The End of Diem 12

Meanwhile, the generals had to cope with Huynh Van-Cao, the Mekong Delta commander, a Diem loyalist. His three divisions, de¬ployed close to Saigon, could not only tip the scales in Diem’s favor but transform the city into a bloody battleground. To avert that pos¬sibility, Don and Dinh devised a stratagem: Dinh’s deputy, Colonel Nguyen Huu Co, would take charge of the division stationed nearest Saigon at Mytho, a town on the Mekong; he would use these troops to prevent General Cao’s forces to the south from moving into Saigon to save Diem. But Nhu heard of the maneuver from one of his spies, and a decisive scene ensued.
Summoning General Dinh to his office in the presidential palace, Nhu confronted him with Co’s duplicitous assignment. Dinh, know¬ing this was a test, performed to the hilt. Feigning astonishment at his deputy’s betrayal, he flew into a tantrum, shouting: “The little traitor! I’ll chop the bastard’s head off!”
The act convinced Nhu of Dinh’s sincerity. Taking him into his confidence, he disclosed that he knew of the generals’ plot against him and his brother. But instead of arresting them, he had conceived an elaborate project, presumably with Diem’s approval. He would launch his own preemptive coup, defeat the conspirators and in the process strengthen the American commitment to his regime. “Coups, like eggs, must be smashed before they are hatched,” Nhu told Dinh.
Nhu’s fantastic machination consisted of two operations, Bravo I and Bravo II, and he delegated General Dinh to play a pivotal role in both. As Saigon commander, Dinh would deploy Colonel Tung’s special forces in the nearby countryside in early November on the pretext of pursuing the Vietcong. During their absence, Bravo I would begin, as loyal soldiers and police disguised as insurgents staged a “revolt.” Diem and Nhu would flee to a prepared refuge at Vung Tau, a coastal resort southeast of the capital, while mob violence “spontaneously” shook the city. Gangs of hoodlums would murder several prominent Vietnamese and American officials, and, amid the chaos, the Saigon radio station was to proclaim the creation of a “revolutionary government” dedicated to evicting the Americans and making a deal with the Communists. This charade would last a few days, and then Bravo II would unfold.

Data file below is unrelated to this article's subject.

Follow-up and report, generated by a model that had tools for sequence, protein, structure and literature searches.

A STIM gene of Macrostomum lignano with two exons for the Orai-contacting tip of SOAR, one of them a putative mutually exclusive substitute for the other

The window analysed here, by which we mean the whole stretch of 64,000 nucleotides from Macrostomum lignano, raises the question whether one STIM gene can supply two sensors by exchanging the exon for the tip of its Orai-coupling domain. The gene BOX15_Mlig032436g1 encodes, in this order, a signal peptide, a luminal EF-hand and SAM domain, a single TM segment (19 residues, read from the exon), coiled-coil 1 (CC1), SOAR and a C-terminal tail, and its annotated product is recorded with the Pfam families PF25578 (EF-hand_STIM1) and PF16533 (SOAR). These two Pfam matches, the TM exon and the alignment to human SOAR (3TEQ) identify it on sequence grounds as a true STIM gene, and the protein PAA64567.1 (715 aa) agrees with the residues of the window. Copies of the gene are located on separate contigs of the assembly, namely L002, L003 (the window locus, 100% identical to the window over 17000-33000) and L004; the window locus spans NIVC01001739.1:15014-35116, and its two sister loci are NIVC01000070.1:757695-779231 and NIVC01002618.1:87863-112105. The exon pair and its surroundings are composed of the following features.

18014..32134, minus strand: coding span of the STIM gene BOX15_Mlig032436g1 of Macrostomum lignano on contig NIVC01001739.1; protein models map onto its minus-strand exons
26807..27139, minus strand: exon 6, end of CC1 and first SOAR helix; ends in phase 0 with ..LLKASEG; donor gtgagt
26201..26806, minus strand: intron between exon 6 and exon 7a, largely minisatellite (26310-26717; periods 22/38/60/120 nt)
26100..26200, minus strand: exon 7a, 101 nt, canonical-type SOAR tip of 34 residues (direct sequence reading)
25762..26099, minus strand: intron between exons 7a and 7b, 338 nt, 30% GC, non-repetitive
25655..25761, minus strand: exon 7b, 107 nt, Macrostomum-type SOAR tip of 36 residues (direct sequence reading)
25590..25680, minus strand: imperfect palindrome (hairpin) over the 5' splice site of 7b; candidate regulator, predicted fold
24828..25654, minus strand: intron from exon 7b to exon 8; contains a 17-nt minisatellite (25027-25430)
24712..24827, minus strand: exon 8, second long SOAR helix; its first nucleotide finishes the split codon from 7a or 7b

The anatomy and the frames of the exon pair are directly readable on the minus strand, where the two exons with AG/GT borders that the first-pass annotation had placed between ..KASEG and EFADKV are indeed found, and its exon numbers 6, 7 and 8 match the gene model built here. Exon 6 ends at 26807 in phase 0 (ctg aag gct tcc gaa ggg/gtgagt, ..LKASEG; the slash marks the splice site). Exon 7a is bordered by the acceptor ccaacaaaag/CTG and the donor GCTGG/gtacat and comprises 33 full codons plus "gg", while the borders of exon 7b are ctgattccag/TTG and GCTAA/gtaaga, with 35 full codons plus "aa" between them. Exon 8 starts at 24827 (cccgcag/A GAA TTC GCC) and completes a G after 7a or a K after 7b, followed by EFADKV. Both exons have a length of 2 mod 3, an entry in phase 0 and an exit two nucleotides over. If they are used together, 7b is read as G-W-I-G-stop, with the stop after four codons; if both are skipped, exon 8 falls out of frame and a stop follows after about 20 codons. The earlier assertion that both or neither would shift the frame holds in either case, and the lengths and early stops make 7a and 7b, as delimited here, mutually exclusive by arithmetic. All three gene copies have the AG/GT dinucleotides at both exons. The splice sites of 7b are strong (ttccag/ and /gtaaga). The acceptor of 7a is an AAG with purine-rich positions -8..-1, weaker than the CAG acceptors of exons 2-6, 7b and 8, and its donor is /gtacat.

Dinh, with Colonel Tung’s special forces and other units faithful to Diem, would march into Saigon and easily crush the “uprising.” Diem would return in triumph to reaffirm his legitimacy, having “proved” that only he was capable of subduing a pro-Communist challenge to his government, and the Americans would embrace him as a savior. Nhu calculated as well that the phony coup would flush out his opponents, whom he could arrest. He had also drafted a list of innocuous dissidents, planning to indict them on charges of in¬volvement in the fake rebellion.
The principal defect in Nhu’s bizarre intrigue was its reliance on General Dinh—who promptly confided the details of the scheme to Don and the other mutinous generals. But they still distrusted him, fearing that he might betray them just as he was betraying Nhu. They were racing the clock, however. If Nhu planned to preempt them, they had to preempt him. They had fixed their coup for October 26, then delayed it until October 31 because of Harkins’s indiscretion. Heeding an astrologer’s warning, they changed it again to a more auspicious moment, one-thirty on the afternoon of November 1.
Nhu, learning of the generals’ timetable from his informants, moved up his own schedule. He could turn their coup into his pseudocoup, he figured, and he instructed General Dinh to set his project in motion. On October 29, consequently, Dinh ordered Colonel Tung’s special forces out of Saigon. But then Dinh pulled another trick. Explaining that Bravo II could be conducted more effectively under his overall direction, he persuaded the regime also to give him command of the Mekong delta forces headed by General Cao. Thus he gained control of nearly all the military units in and around Saigon.
Believing him to be on their side, Diem and Nhu authorized Dinh to deploy troops as he saw fit during the days’that followed. Ac¬cordingly, Dinh positioned rebel forces inside the capital to attack such key government installations as the radio station, police head¬quarters and presidential palace. Except for a few senior officers, most of the soldiers entering Saigon were unaware that a coup was under way. A paratrooop lieutenant asked the major in charge of his bat¬talion, “Who is the enemy?” Replied the major, “Anyone who op¬poses us is the enemy.”
At ten o’clock on the morning of November 1, Ambassador Lodge and Admiral Felt paid a courtesy call on Diem. The ritual was the same as always. They sat in brocade armchairs in an ornate salon of the palace and listened wearily as Diem delivered one of his marathon monologues. At one point, Diem referred to rumors of a coup against him, but he seemed unperturbed, probably because he expected Nhu’s countercoup to succeed; possibly, too, he expected Nhu’s devious scheme to restore him to America’s good graces, and as the two-hour session ended, he suggested to Lodge that they meet again soon to resolve their differences.
Lodge retired to his residence for lunch and his customary siesta, leaving Felt to drive to the airport with Generals Harkins and Don. As Felt prepared to board his airplane, Harkins rambled on about the military situation. Don glanced nervously at his watch. The coup was due to begin in an hour, and the other insurgent generals awaited him at the officers’ club inside the compound of the staff headquarters near the airport.

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